What Are Psychosocial Hazards and How Can Workplaces Better Manage Them?

By Relationships Australia

Gone are the days where you’re expected to suffer workplace stressors in silence – that’s the hope anyway, with a greater commitment being made to look after employees’ mental health and wellbeing.
As of 1 April 2023, employers are now legally required under the Work Health and Safety Act to manage psychosocial hazards in the workplace.

What are psychosocial hazards? 

What these hazards look like varies from workplace to workplace, though key areas of focus tend to be the quality and responsiveness of leaders, job size, clarity, security and expectations, team and relationships, and self-care.  

Stressors such as unrealistic deadlines, poor support, inadequate recognition, as well as traumatic events and material you may encounter at work, are now expected to be better managed by employers, rather than having to be shouldered by employees. 

Employees should expect a genuine, comprehensive and holistic approach when issues arise, says our CEO, Elisabeth Shaw.  

“And more importantly, employers should anticipate and plan for events or circumstances that could compromise workers,” says Elisabeth. “Significant community events, such as floods, are also times when organisations should actively look to support and commit to affected staff care.”

Psychosocial hazards in action

Jess has been working in the same role for the same company for five years. Despite an increased workload due to staff lay-offs, Jess has not had a pay rise or any acknowledgment of her greater responsibility.  

Having picked up the workload of past employees, Jess feels overworked and unappreciated. As a result, she is finding it harder to unwind after work and dreads returning to the office each day. 

What a healthy workplace looks like

What makes some workplaces healthier than others? A workplace that manages psychosocial hazards well tends to have clear roles, reasonable workloads, understood expectations, regular performance reviews and remuneration covered.  

Employees should feel safe in their workplace, both from a physical standpoint and a mental health perspective – free from harassment, bullying, aggression or intimidation.  

Employee assistance programs (EAP) also have a place in ensuring employees have an outlet to talk about their stressors in a confidential setting. An EAP enables staff to access counselling for free and not have to face the long queues associated with other mental health services. 

Putting the intent into action 

Actions speak louder than words, as the saying goes, so while it’s a great step for a workplace to have an EAP program, it won’t have a great uptake if management covertly discourages use of it or doesn’t promote the service.  

Equally, a leader who is vocal about the importance of employee care but who has bullying tactics behind closed doors won’t do much for the cause.  

“An organisation’s culture and safety will be harmed if things are said but not done; where there is open hypocrisy in messaging and action,” says Elisabeth. “This leads to low trust, cynicism and disengagement.”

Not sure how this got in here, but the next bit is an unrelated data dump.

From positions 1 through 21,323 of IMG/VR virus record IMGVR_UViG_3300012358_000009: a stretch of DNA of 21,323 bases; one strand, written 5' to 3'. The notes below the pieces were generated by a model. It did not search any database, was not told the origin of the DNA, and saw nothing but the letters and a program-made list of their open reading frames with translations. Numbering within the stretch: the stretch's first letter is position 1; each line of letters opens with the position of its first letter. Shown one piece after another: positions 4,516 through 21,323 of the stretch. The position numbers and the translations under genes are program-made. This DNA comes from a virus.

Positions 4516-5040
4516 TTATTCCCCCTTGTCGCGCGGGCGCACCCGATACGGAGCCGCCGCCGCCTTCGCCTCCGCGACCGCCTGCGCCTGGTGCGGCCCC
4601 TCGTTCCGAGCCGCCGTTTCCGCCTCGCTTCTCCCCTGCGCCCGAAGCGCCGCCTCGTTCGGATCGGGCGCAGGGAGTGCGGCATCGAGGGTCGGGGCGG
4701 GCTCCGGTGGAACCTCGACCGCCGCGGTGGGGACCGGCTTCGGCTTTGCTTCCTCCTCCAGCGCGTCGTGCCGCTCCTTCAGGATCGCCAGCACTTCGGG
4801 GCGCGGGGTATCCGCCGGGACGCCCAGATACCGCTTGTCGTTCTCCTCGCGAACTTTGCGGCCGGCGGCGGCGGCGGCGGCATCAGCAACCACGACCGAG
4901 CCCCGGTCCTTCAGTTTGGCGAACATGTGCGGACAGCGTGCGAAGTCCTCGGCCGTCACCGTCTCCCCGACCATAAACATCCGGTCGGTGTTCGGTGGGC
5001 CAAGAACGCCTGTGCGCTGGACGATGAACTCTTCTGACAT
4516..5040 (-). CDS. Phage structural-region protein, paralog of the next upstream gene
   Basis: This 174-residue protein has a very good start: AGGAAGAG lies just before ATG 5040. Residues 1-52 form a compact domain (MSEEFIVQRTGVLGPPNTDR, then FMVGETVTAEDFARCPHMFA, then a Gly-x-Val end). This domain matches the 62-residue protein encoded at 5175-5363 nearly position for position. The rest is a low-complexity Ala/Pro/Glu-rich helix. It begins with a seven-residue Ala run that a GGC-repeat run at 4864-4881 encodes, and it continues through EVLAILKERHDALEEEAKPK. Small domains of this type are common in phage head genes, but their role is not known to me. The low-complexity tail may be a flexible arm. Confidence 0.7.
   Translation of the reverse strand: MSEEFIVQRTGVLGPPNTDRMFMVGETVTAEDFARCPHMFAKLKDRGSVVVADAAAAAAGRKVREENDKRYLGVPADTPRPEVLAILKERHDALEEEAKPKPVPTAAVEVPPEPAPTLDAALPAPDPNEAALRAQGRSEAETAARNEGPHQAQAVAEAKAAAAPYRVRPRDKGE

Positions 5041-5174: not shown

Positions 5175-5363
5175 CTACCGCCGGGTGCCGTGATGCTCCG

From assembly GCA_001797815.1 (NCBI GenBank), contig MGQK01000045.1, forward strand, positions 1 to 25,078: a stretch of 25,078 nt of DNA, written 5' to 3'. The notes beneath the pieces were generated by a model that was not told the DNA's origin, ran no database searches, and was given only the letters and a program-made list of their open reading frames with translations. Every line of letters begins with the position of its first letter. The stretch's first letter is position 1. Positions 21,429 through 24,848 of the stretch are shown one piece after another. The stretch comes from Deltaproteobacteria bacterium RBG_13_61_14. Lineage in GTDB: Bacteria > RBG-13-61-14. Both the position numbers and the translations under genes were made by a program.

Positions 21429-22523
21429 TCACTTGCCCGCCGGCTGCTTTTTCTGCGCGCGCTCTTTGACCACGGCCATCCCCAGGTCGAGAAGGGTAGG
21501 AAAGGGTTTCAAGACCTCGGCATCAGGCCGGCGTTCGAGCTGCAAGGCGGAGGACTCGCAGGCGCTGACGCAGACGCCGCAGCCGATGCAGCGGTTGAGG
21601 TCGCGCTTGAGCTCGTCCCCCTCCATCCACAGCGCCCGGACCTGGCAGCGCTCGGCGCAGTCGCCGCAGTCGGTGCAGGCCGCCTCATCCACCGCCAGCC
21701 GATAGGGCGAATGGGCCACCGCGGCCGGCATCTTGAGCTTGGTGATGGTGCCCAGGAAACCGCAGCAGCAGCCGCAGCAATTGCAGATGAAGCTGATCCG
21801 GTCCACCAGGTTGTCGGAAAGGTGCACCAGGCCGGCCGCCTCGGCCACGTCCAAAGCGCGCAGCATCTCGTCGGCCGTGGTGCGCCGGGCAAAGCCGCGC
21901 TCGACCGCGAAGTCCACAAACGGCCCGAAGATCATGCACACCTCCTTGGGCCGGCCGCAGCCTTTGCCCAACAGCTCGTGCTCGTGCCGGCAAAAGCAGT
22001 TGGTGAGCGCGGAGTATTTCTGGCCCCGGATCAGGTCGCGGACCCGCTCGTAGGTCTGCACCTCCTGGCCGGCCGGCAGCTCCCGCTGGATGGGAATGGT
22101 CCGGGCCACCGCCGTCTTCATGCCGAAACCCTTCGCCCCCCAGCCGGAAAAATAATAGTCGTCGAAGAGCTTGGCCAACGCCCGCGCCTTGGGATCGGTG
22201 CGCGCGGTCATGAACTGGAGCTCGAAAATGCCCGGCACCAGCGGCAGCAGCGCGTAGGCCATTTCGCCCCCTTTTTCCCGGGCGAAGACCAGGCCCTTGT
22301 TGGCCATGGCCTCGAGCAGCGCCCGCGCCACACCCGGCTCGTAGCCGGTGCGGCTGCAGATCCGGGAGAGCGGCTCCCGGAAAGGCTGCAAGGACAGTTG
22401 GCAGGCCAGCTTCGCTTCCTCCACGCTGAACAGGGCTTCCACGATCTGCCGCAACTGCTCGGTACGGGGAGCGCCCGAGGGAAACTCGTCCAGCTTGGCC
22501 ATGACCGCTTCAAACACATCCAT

“There needs to be clear expectations about workplace culture, relationships and behaviours from the top, with clear messaging about the care and safety of the employees, encouraging a culture of speaking up,” she adds.

Understanding workplace culture 

“Research shows that many people will turn to colleagues rather than an EAP or HR when struggling with mental health issues,” says Elisabeth. “So this means investment in the so-called ‘soft’ skills of effective people leadership, valuing and fostering good team connections, and making sure that unproductive or destructive workplace behaviours or hazards are managed.” 

Being aware of workplace culture is an important part of managing psychosocial hazards, as employee unhappiness can spread. Understanding team dynamics and being aware of any issues can reduce the impact of interpersonal conflict, which is a common psychosocial hazard. 

Regularly communicating with employees is another way an employer can be aware of any issues and also foster a greater openness across the organisation. Asking for employee input is a great way for management to get ideas for how they can keep workers happy, and also serves to make employees feel heard and therefore valuable.

Individual responsibilities 

While this new code puts more responsibility on management, Elisabeth says it shouldn’t be one-sided.  

“It’s important to note that all employees also have a responsibility to look after and keep themselves safe,” says Elisabeth. “If we hand over responsibility to our employer, it can breed helplessness. We need to be alert to how we are individually travelling in relation to exhaustion, mood, morale and have a plan for self-care.”  

Speaking up when things at work are not ideal – rather than starting to ignore or overlook issues – is also key to being responsible for your workplace wellbeing. 

“Unless you see yourself as part of the equation, you are at risk of resentment and [end up] even leaving,” says Elisabeth. “If you recognise workplaces are made up of people and therefore collective action, then the possibility of change may still be within reach. 

If you feel like you need extra support navigating challenges in your workplace, Relationships Australia NSW also offers a range of services that can help. Get in touch with us today.

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